Advice to drink eight glasses of water a day is pure baloney, according to a U.K. physician.
Dr. Margaret McCartney, writing in the British Medical Journal, argues that there is no strong evidence of the benefits of drinking increased amounts of water. Though there may be some situations where people need to drink that much, the idea that we are all at risk for dehydration is a myth promoted by makers of bottled water, she wrote.
McCartney, in this week’s BMJ, says there is currently no clear evidence of benefit from drinking increased amounts of water, she says, yet the “we-don’t-drink-enough-water” myth has endless advocates, including the NHS.
The NHS Choices website states: “Try to drink about six to eight glasses of water (or other fluids) a day to prevent dehydration,” while many schools also feel it appropriate to insist that pupils are accompanied to school by a water bottle.
Other organizations, often with vested interests, reinforce this message, she says. For example, Hydration for Health (created by French food giant Danone — makers of bottled waters including Volvic and Evian) recommends 1.5 to two litres of water daily as “the simplest and healthiest hydration advice you can give.” It also claims that “even mild dehydration plays a role in the development of various diseases.”
But McCartney argues that there is no high quality published evidence to support these claims.
She points to several studies showing no clear evidence of benefit from drinking increased amounts of water and suggesting there may be unintended harms attached to an enforcement to drink more water.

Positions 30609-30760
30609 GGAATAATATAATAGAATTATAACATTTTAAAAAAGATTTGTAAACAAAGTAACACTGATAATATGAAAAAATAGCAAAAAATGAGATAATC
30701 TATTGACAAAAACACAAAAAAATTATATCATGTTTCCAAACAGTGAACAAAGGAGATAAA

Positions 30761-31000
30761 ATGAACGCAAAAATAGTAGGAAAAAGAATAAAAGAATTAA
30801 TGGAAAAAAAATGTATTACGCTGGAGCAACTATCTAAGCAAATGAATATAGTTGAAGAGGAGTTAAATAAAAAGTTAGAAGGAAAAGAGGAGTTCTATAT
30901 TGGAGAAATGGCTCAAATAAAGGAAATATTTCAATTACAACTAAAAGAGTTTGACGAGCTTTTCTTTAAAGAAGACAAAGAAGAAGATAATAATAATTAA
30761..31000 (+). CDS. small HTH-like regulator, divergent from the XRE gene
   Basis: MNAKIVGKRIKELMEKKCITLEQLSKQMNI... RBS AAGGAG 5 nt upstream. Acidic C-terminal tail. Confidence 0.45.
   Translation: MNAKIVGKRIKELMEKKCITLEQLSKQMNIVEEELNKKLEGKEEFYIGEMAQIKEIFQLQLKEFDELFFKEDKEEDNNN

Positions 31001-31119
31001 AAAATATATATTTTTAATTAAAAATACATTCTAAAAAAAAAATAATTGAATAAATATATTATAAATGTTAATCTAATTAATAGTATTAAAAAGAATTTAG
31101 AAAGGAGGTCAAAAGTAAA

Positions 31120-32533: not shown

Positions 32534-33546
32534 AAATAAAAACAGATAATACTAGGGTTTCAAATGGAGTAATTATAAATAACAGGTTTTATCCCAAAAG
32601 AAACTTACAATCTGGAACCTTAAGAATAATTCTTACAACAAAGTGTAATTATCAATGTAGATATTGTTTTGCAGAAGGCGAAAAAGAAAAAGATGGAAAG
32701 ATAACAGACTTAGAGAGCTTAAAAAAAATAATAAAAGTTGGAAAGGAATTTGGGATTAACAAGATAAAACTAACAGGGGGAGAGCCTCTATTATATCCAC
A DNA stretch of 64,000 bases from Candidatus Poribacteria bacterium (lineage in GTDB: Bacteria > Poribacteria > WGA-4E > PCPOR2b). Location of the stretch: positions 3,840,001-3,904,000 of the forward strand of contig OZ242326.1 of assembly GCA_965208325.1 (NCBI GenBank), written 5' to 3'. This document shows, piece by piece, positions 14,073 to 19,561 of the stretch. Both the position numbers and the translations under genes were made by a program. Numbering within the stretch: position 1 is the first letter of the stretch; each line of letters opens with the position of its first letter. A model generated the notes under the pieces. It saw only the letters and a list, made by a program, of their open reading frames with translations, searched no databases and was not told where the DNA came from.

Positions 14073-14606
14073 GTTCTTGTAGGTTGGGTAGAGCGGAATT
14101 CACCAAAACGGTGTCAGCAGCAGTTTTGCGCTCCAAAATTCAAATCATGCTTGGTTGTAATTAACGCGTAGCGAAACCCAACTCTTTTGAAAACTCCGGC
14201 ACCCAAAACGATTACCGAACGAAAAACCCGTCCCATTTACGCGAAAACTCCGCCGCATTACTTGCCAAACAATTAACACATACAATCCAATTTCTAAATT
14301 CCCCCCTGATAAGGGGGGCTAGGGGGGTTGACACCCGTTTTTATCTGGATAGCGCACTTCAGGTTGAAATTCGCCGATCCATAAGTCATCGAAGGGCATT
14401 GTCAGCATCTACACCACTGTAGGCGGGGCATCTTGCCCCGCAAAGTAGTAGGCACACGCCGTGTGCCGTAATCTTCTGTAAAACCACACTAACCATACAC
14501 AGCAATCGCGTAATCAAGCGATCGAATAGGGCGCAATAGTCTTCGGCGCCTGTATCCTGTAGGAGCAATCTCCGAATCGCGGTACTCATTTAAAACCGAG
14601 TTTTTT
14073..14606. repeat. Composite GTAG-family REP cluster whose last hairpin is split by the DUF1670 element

“It would seem, therefore, that water is not a simple solution to multiple health problems,” she writes.
For instance, reports that increased water intake in children can improve concentration and mental performance have not been confirmed by research studies, while data relating water drinking to a reduction in children being overweight are prone to bias.
While there are some conditions that do benefit from drinking increased water, such as in people with recurrent kidney stones, other evidence for preventing disease is conflicting, adds McCartney. In other words, this is a complex situation not easily remedied by telling everyone to drink more.
Untangling the evidence presented by Danone “results in weak and biased selection of evidence,” she argues. Danone says we need “informed choices,” but their own evidence does not support their call to action.
She concludes: “There are many organisations with vested interests who would like to tell doctors and patients what to do. We should just say no.”